The trial of the eleven climate change activists who disrupted operations at Ratcliffe-on-Soar power station on April 10th 2007 has started today at Nottingham Bridewell Magistrates Court. They have pleaded not guilty to charges of aggravated trespass and arguing that it was necessary to take such action in order to prevent the imminent threat that climate change poses to the human population. They are arguing that the threat of climate change on human life is so imminent & serious that it is a proportionate and reasonable response to commit aggravated trespass to try to reduce carbon emissions from England's 2nd largest CO2 emmiter, Ratcliffe on Soar power station.
This is the first time that the defence of necessity in relation to climate change has been used in a court of law. The defendants will call an expert witness; a climate scientist, and Royal Society Research Fellow, to prove to the court the scale and imminence of the threat that climate change poses.
Reports: Ratcliffe Power Station Court Case : Nottingham Magistrates [day 1] | Ratcliffe Power Station Court Case : Nottingham Magistrates [day 2] | Ratcliffe Power Station Court Case : Nottingham Magistrates [day 3] | Climate Change Trial Opens
Previous feature: Climate Activists Bring Powerstation Operations To A Halt
From the newswire: Climate change on Trial! | E.ON irony & hypocrisy in market square | Climate activists in court - report | Climate Change On Trial: Call for support demo | Evening Post depicts Ratcliffe-on-Soar Power Station as 'cutting edge technology' | E-on climate greenwash in Market Square | Rattcliffe 11 to face courts | Activists needle shareholders over E.ON nuclear power | Climate change activists target power station - photos from inside | Photo reports from the action:  |  |  |  | 
Day 1: Artist impression from inside court by Elsa
Day 2 inside the court #5 by Katy
On 10th April 11 activists walked into Ratcliffe on Soar Power Station. Production at the plant was halted when they locked themselves to the conveyer belts, stopping the supply of coal to the plant for over 3 hours. The accused all protest their innocence to the charges of aggrevated tresspass. One of the activists said; "I believe this action was a reasonable and proportionate response to the threat of catastrophic climate change and that this action was to prevent a greater crime occuring."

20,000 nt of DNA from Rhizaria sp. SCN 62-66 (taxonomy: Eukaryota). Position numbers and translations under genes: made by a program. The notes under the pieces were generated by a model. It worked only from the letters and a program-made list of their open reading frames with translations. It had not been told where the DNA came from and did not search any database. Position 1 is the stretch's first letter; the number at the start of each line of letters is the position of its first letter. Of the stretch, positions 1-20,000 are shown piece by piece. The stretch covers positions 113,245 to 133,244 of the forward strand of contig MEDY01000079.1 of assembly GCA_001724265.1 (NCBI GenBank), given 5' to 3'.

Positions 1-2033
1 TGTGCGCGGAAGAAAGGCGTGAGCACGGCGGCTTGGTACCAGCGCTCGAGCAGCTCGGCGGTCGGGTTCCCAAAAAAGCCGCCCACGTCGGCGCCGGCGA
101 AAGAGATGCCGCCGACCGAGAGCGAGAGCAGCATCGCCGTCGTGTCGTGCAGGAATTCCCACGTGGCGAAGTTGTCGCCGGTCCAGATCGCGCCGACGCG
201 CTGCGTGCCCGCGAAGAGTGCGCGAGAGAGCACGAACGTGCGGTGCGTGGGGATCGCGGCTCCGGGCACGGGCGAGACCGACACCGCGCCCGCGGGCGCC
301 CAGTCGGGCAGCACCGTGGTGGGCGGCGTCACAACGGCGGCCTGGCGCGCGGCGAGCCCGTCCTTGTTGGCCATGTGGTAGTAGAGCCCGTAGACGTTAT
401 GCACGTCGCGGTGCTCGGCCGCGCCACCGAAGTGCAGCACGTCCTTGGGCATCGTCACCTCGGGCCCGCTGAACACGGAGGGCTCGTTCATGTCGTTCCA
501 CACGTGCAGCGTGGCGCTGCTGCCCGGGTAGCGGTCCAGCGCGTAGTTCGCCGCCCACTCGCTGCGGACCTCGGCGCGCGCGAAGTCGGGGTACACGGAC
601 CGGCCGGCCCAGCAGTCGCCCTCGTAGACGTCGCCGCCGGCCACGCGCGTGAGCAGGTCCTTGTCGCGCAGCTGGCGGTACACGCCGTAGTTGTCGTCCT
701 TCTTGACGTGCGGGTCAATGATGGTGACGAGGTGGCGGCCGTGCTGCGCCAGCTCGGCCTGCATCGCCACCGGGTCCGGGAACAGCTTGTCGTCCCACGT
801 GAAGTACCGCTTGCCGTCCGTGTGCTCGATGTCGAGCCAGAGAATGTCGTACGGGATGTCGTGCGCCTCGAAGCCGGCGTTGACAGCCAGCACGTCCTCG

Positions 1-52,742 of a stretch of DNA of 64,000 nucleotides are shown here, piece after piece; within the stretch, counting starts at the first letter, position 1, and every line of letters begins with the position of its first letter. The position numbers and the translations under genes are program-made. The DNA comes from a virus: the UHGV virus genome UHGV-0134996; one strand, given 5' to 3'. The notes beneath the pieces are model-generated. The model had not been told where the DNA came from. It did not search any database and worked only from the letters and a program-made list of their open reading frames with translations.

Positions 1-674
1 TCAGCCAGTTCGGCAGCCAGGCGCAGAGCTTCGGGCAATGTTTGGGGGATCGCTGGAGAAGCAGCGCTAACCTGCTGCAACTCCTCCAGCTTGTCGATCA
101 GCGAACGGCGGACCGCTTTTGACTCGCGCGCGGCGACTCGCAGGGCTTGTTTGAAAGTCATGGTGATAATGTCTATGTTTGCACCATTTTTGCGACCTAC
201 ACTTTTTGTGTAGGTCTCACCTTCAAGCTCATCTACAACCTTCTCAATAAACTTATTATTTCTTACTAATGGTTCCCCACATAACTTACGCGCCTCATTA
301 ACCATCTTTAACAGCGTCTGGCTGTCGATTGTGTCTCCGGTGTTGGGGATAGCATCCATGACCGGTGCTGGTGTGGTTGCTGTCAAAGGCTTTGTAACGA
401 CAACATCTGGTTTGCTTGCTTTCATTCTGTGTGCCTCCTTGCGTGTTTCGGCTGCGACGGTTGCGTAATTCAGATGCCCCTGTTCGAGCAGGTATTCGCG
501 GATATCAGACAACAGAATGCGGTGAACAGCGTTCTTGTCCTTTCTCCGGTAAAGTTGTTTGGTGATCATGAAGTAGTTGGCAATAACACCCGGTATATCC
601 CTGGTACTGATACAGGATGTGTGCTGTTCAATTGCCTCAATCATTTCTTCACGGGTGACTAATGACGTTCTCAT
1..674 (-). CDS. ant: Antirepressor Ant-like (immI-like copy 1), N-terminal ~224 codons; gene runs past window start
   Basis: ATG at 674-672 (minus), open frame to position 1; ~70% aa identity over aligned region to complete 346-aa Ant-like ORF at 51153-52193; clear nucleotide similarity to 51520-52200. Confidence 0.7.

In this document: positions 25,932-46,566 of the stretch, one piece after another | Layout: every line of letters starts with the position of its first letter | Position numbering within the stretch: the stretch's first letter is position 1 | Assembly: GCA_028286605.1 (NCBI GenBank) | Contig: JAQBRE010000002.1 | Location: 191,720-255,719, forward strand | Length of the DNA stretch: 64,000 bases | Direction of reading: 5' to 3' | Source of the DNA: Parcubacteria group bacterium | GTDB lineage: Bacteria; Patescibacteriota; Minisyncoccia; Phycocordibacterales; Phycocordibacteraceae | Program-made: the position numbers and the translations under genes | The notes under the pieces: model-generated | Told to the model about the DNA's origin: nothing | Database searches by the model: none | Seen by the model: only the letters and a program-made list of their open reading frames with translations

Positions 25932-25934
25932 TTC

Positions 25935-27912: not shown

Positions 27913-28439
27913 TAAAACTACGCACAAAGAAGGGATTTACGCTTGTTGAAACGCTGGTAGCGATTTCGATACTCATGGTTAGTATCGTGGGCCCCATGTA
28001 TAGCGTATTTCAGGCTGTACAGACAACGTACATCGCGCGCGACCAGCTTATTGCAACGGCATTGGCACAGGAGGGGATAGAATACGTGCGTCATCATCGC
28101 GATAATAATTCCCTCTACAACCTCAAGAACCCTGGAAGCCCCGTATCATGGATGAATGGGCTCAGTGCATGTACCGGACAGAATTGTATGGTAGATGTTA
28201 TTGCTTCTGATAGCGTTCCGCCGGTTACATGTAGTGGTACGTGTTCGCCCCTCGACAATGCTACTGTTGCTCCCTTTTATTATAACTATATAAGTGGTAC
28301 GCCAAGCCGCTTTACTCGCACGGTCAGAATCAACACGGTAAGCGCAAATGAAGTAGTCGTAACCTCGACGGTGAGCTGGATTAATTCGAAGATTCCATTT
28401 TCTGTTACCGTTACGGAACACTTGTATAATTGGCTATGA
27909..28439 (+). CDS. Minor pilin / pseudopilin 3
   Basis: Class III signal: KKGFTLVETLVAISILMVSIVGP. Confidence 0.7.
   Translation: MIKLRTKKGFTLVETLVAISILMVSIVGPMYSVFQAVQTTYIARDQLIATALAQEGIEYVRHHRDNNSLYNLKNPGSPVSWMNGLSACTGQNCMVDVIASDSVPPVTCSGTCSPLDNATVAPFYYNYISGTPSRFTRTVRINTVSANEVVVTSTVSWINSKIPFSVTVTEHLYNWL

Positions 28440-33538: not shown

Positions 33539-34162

According to one contributor, the action did not only seriously affect production at Ratcliffe but put pressure on the whole grid; "To an extent production could have increased elsewhere to cover the shortage but not immediately to great affect. This was about stopping coal from being burnt but also electricity from being produced in this way altogether. The activists came very close to shutting Rattcliffe down for 48 hours; EON nearly had to fire the whole furnace back up. If this shortage had persisted, the grid would have been vulnerable to further such actions. It is estimated that the action at Rattcliffe stopped the burning of 5,000 tonnes of coal, eqivalent to preventing 9,000 tonnes of CO2 being emitted. A low impact lifestyle could release as little as 1 tonne of CO2 per year. Meaning that each of the activists could have offset their emissions for up to the next 1,000 years!"
The action at Ratcliffe took place as part of a wider week of activities around the issue of climate change in Nottingham called 'Spring Into Action'. It showcased practical solutions to climate change. From workshops on bike maintenance, local food production, community compost projects and strawbale building to concerts and performances, it was an action packed week. It also acted as a showcase for existing projects in Nottingham including Country Parks, allotment projects and the Attenborough Nature Reserve. A lot of the events took place at a for-the-occasion occupied former lace factory, also known as the J.B. Spray factory in the area of Radford. 'Spring into Action' was organised by Eastside Climate Action, a group made up of local people and groups inspired by the Camp for Climate Action. The week was all about inspiring, educating and empowering people to start making changes in their own lives and demonstrating practical alternatives, local projects and local campaigns in action. "It is about changing our lifestyles, but also inspiring collective action to create the wider social change that is needed to deal with climate change. Climate change is the greatest threat humanity has ever faced, and we are already feeling its effects. Change is coming whether we like it or not. We need to make these changes sustainable and equitable." according to one of the organisers. Read this feature article for reports from Spring Into Action.